Chase's thoughts: "For anyone looking to explore real estate photography the biggest thing to focus on would be your gear. It doesn't have to be extravagant gear to get excellent photos but a DSLR and ultra wide angle lens is a must. Add in a tripod and you are set to go!"

The Shoot

Now that we've got all of the tools needed to succeed in real estate photography, let's plan out the shoot itself.

When working with your clients, ensure that their needs are covered. If this is your first time shooting real estate photography, ensure that you have a list of shots showcasing the property as the realtor or owner wants it to appear. The client will almost undoubtedly want the main living areas, bedrooms and bathrooms covered.

Planning a real estate shoot means setting expectations for the shoot as early as possible. When working with clients, you have to communicate that the home needs to be in photo condition so that you can properly do your job. This is particularly important when photographing a home with people still living in it.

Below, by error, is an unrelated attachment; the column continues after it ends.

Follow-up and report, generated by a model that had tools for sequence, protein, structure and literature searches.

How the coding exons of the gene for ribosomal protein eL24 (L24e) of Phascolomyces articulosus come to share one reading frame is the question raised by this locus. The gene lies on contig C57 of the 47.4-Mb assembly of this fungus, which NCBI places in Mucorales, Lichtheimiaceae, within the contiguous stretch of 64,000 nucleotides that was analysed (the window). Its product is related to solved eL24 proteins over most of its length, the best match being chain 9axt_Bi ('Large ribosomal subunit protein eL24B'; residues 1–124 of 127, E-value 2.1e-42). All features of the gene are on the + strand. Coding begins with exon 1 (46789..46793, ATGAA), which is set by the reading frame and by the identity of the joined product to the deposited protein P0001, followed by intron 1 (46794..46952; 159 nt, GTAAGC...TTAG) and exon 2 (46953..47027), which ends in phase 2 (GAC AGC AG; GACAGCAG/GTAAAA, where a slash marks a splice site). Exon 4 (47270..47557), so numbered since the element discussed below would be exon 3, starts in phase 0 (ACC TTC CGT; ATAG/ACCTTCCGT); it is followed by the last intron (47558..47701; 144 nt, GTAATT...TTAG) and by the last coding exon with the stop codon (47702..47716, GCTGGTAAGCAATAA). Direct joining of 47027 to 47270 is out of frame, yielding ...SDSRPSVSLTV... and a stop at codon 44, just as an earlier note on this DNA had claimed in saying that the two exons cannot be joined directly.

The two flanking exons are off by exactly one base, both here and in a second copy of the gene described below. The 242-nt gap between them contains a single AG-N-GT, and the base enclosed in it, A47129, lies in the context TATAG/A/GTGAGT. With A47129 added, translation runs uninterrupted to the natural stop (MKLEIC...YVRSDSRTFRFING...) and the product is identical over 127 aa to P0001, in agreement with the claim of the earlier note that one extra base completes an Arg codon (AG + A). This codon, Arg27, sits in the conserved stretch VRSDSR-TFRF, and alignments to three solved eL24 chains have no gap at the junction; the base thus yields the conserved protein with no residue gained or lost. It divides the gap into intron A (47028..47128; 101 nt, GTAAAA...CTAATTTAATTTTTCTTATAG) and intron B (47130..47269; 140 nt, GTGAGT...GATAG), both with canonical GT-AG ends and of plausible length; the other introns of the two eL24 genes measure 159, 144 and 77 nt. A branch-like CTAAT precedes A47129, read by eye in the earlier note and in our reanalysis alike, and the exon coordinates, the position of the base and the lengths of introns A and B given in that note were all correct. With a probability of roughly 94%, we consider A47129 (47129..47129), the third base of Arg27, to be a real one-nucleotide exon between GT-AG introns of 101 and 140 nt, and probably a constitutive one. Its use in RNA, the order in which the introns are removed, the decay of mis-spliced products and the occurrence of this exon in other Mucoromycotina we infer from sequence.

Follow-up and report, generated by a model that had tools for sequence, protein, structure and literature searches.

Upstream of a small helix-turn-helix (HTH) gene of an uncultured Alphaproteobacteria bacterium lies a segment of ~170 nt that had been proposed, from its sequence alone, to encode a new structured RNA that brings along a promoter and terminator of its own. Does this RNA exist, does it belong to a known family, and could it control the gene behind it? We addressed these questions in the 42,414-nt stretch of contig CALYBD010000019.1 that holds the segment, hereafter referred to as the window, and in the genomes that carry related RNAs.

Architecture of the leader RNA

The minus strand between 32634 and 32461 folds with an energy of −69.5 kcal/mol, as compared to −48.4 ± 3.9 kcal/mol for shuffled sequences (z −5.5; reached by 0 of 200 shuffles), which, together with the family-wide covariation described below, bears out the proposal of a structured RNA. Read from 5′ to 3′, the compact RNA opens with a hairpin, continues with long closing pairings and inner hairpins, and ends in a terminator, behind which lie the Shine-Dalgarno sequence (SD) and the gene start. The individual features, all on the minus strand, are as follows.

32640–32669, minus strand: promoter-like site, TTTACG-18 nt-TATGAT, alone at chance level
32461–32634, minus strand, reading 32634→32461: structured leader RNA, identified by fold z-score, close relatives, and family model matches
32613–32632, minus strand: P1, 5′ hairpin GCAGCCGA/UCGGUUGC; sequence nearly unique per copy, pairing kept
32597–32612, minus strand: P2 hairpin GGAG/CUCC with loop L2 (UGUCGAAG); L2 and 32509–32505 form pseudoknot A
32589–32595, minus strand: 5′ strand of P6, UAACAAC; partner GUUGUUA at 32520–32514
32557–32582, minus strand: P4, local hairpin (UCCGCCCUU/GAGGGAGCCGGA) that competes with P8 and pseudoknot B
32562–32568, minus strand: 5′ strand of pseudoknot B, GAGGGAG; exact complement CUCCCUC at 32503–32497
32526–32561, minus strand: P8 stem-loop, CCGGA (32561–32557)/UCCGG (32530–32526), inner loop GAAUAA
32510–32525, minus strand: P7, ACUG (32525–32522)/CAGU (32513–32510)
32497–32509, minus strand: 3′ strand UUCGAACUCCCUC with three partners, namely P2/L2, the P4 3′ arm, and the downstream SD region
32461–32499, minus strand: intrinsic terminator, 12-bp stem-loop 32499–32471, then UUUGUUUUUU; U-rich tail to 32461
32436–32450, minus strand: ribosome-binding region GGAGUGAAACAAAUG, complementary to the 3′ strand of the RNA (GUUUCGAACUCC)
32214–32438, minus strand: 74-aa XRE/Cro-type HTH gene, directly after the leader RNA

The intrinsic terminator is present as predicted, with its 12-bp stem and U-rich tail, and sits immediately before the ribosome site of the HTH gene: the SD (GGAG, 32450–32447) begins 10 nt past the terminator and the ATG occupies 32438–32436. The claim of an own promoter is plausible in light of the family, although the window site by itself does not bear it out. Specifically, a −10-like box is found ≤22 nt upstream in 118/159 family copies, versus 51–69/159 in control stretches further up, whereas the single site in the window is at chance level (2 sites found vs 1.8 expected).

If the home is currently uninhabited, the real estate agent will likely want to be there during the time you are photographing the home. This arrangement requires communicating to the agent the amount of time he or she will need to be present during the photography process.

Make sure that you are providing your clients with both web based and full resolution photographs. With busy schedules, real estate agents often don't have the time or tools needed to process images, so ensure that what you are exporting is fit to go directly to their listing systems.

Capturing The Scene

So you've got the agreement setup and are ready to venture onto the property to capture the shots that will have the home sold in no time flat. Let's walk through some steps toward getting things perfect.